Short term cost or long term benefit?

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Since hundreds of thousands of skilled and unskilled workers were lost from the construction industry in the recession of the early to mid-nineties, only the most progressive companies have continued to make a significant investment in their workforce. Mike Henshaw of Omega Red Group investigates.
Unfortunately, too many organisations are content to poach well-trained staff from better-run organisations. Whilst this may be of short-term benefit to the organisation in question it simultaneously undermines attempts to boost skills, expertise and levels of professionalism across the industry as a whole.
The earthing and lightning protection sector, largely as a result of the actions of a few leading organisations, has however, grasped the need to promote best practice – the vehicle for this is the Lightning Conductor Engineering Apprenticeship scheme run by the Construction Industry Training Board (CITB). The apprenticeship, takes a minimum of 2 years to reach NVQ level 2 and has been running since the early 1990’s. Each year the scheme brings a greater number of properly qualified lightning protection and earthing engineers into the industry.
Omega has been one of the advocates of the apprenticeship course as we believe it is essential to ensure well-trained and skilled people are available to design, build and maintain high-quality earthing and lightning protection systems across the country. The apprenticeship scheme, ensures the knowledge vital to the industry in 21st century is being properly taught and understood.
Of course, it is important to spend time recruiting the right type of person to fit the role. We generate interest in our apprenticeship scheme by advertising in local newspapers, posting information on our website, using the CITB network and through contacts from our current workforce.
Potentially suitable applicants are interviewed for their ability to meet our training requirements and the needs of the job and also to assess whether they will fit within our organisation. The latter point is particularly important for long-term retention but is one that is often overlooked by employers. Candidates who successfully negotiate the initial stage go on to take the CITB assessments at the National Construction College (NCC) at Bircham Newton near Kings Lynn. Those who pass the rigorous interviews and assessments are offered places on the apprenticeship programme based on the needs of the business.
A structured training plan to meet the needs of the business is essential
Generally, apprentices are recruited in early autumn so they can gain some experience of life in the industry before they start their training at the NCC.
The apprenticeship’s academic and off-the-job practical training usually starts in January and comprises a total of 24 weeks residential training at the NCC over a 2-year period. Off-the-job training covers all technical and practical aspects of the trade.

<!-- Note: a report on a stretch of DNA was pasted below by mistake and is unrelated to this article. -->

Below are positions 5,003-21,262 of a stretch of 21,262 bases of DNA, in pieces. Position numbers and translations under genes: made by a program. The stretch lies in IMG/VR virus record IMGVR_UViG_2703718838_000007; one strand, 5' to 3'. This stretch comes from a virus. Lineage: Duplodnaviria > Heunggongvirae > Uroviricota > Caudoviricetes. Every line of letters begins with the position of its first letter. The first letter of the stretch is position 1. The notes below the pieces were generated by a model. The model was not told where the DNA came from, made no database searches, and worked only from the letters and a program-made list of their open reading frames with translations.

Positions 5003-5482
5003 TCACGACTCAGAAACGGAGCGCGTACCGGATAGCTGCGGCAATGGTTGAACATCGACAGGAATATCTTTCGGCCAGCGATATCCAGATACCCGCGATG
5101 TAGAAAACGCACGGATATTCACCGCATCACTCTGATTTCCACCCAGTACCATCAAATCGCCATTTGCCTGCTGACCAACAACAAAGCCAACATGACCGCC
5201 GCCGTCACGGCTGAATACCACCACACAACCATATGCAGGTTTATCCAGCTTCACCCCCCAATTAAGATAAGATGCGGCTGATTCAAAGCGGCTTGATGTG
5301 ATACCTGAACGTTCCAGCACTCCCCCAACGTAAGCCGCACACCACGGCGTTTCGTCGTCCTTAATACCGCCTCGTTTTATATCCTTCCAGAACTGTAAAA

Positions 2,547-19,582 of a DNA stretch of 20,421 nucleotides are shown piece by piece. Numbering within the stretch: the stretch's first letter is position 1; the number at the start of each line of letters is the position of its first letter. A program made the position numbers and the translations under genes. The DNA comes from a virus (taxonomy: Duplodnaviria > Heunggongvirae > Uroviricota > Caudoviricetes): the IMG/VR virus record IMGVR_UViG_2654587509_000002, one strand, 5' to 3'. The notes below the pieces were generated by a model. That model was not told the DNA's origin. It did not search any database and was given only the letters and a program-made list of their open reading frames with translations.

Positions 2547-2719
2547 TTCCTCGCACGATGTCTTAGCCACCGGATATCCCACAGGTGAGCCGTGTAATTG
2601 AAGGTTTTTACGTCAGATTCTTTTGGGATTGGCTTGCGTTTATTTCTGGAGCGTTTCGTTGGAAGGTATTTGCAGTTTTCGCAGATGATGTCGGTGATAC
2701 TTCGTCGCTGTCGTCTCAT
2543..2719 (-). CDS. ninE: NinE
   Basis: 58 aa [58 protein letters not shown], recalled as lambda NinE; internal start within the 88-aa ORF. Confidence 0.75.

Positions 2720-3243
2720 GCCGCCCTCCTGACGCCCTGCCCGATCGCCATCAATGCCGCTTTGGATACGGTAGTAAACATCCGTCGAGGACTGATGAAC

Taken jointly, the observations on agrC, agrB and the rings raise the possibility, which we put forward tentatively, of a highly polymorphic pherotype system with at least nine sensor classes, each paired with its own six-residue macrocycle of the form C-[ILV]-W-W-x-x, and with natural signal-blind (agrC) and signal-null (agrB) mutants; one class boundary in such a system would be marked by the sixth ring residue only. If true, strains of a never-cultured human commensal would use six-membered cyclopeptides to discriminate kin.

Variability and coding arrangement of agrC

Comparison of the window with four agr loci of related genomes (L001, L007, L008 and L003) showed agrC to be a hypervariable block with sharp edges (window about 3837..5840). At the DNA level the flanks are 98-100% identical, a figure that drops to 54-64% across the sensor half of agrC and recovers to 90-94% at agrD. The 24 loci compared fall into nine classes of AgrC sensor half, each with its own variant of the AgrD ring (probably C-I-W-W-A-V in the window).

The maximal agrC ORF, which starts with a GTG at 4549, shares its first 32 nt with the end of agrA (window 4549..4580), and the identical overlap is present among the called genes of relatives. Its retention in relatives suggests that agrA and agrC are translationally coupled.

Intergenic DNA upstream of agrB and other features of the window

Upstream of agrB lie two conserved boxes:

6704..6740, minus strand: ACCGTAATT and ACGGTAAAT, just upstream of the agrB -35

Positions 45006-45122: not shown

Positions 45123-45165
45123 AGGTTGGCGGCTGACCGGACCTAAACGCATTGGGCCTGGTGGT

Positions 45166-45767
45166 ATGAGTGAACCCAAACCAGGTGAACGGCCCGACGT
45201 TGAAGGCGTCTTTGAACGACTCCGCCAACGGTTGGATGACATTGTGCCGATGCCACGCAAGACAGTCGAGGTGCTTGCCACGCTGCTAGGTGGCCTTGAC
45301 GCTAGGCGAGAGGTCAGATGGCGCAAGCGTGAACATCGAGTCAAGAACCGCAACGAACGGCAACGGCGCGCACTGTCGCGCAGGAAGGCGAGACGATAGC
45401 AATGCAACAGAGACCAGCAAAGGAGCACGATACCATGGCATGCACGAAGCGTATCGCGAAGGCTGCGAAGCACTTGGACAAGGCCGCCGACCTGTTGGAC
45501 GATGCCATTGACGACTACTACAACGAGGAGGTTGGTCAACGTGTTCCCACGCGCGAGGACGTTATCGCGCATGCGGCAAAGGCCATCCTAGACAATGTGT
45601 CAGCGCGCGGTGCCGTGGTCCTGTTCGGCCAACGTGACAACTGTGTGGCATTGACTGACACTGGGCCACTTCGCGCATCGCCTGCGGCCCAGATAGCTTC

The off-the-job training is augmented by on-the-job training during which apprentices are skilled in a wide range of disciplines such as health & safety, safe accessing, earthing and lightning protection design. The apprentice must successfully complete each module needed for the completion of their individual NVQ portfolios and eventual achievement of their apprenticeship.
The approximate direct cost to the company of employing an apprentice is in the order of £20,000. Some of this is offset by the contribution the apprentice makes to various projects whilst gaining on-the-job experience. Considering the costs of recruiting and training over the two-year period, it is vital to ensure appropriate retention policies are in place. That means regular meetings with apprentices, visiting them at their college and working closely with training board staff, designed to provide individuals with support, guidance and encouragement.
Having made the investment in time and money it is important to continue to offer the kind of positive career development and appropriate rewards that will ensure the long-term commitment of the individual. Most people are not motivated purely by salary but recognise and value the investment an organisation makes in them. Our approach led to 90% retention rate through to the end of the apprenticeship and 12 years after the completion of the first Lightning Conductor Engineering apprenticeship course, we still have an overall retention of around 60% of all apprentices ever employed.
As with any business asset, success can be measured based upon the return on investment. This is a vital concept. Companies should not recruit apprentices simply because it’s ‘the current thing to do’ but in order to resource the business’s current and future growth.
The real success of an apprentice scheme, for my organisation, is in ensuring it fulfils the needs of our customers in a safe, professional, efficient and cost effective manner. It follows that if the company is able to achieve this aim then it benefits from a more loyal customer base, reduced long-term recruitment costs, lower churn and the development of a more effective workforce.
The construction industry, sadly, has a reputation for harbouring many unprofessional operators. Properly recruited and trained apprentices developing into competent trades people will go some way to achieving a reputation for trust and professionalism.
Without investment in apprentices customers and the industry will suffer from a lack of competent, safe trades people and ultimately that will mean lower long-term turnover and profitability.
In answer to the question ‘are apprentices a short term cost or long term benefit’? Whilst apprentices involve a short term cost, without them the industry will never achieve the respect, and profitability it needs